Favoritism tends to be a common issue when marriages break up and new ones form. The man typically begins to feel he has done his child wrong by not making the marriage work and tends to over compensate for that reason. Unfortunately this is not helpful for the child or the new children he has.
Now the bad news is most fathers tend to be very protective in situations such as these and typically feel like the new spouse is the one in the wrong. Often they feel like the new spouse is being unfair to the child or even making differences of her own. The fact is often the father feels torn or feels like he must take one side over the other. The problem is this tends to ruin marriages and cause even more harm to the children.
The key is approaching this in a different light. Instead of jumping up and pointing out the differences take note of it and write down what happened as well as the date and time. Once you have a good amount of information sit down with your husband and have the talk.
Let him know that you know he loves both children the same as you and that you know how he feels guilt over his son having to come from a broken home. Explain to him that you are concerned about his son as well as the son you have together and that you are worried that his guilt and over compensation is having a negative effect on the children.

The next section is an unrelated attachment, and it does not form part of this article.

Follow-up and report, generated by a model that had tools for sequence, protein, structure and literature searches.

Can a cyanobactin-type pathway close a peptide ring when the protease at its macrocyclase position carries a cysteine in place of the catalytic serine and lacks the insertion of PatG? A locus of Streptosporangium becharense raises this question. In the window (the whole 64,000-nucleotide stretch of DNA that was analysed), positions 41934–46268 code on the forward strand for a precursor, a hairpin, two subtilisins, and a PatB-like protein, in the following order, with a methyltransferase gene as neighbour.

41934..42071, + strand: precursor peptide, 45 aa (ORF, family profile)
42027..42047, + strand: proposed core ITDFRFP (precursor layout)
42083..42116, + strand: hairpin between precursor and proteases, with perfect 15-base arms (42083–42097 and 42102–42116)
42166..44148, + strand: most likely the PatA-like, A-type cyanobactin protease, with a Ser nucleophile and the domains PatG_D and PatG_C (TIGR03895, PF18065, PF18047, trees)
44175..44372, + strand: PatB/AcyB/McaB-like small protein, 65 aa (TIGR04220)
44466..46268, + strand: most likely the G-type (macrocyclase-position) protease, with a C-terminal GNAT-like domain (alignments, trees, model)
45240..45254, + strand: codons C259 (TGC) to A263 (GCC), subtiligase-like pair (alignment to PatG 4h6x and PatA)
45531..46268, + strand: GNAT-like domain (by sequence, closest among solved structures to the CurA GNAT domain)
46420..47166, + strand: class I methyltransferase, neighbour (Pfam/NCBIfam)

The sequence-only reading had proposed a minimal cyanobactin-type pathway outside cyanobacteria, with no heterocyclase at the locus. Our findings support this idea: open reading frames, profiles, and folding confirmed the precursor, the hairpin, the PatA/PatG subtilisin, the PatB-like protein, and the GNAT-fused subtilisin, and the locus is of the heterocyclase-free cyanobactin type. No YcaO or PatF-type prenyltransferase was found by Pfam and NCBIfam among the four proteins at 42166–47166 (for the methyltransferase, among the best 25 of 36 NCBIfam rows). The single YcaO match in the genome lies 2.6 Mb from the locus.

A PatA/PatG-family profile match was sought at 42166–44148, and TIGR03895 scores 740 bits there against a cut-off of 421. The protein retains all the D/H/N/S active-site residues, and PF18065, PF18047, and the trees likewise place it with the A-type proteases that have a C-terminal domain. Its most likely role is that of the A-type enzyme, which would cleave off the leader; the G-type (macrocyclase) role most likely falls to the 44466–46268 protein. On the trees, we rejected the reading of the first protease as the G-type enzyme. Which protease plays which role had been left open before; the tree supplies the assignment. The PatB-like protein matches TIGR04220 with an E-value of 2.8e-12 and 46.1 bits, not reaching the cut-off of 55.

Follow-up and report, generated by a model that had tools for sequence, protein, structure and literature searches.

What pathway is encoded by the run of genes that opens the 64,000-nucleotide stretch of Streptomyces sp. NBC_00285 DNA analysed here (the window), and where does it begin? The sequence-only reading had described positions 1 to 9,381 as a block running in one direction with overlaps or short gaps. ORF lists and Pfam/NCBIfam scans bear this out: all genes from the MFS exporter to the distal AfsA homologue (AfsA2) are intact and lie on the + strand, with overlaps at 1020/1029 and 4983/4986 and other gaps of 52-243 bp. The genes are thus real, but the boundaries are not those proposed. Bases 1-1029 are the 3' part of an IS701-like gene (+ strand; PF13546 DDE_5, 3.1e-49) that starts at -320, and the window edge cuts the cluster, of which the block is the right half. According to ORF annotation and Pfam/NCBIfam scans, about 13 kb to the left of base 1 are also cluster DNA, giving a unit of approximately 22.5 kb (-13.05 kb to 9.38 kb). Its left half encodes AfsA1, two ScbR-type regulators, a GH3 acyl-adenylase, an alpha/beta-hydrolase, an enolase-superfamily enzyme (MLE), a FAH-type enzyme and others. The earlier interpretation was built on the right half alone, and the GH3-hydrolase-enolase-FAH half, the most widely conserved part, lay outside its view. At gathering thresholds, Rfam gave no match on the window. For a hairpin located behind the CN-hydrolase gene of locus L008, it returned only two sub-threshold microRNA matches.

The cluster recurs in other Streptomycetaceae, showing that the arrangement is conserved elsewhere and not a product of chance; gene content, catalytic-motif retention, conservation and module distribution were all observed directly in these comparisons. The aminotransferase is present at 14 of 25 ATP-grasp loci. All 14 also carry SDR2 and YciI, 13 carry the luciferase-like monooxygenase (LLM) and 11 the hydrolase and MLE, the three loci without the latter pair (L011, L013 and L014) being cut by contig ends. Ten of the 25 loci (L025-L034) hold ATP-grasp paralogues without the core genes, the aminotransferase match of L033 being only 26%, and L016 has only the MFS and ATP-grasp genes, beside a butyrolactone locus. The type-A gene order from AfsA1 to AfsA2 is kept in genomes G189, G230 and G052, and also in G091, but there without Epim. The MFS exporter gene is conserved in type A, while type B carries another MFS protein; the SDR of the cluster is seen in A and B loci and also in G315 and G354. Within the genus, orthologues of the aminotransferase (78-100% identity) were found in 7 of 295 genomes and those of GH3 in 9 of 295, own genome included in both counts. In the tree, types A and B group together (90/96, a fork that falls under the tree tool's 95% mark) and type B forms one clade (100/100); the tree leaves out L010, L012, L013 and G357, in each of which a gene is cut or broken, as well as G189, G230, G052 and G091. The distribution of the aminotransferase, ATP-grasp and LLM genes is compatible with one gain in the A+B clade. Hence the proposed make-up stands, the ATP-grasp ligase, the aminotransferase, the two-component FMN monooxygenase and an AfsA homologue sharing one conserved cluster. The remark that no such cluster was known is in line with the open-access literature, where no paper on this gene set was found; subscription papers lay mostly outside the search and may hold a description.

Point out that by showing his guilt his son is slowly becoming behind what other children typically do (This would be the wiping himself and any other issues). Let him know that you understand why he is over compensating, but that you are genuinely concerned about the 8 year old and his well being. Coming from a broken home is hard..........but if the father is playing a active role and showing his son that he can still be a father to him his son will grow stronger without the need to try and act younger for attention.
Let him know that he is getting to the point of showing favoritism and show him the list. Again let him know you are not mad.......but are very concerned about how this will effect your younger son if it continues. Explain to him that your son is still young enough that he is not hurt from this yet, but with time he will learn the score and will eventually resent him for his actions.
The key is to not make it look like you are placing demands or that you are angry.......try the "I am concerned about both children" approach and you will have a better chance of getting him to see what he is doing to the family.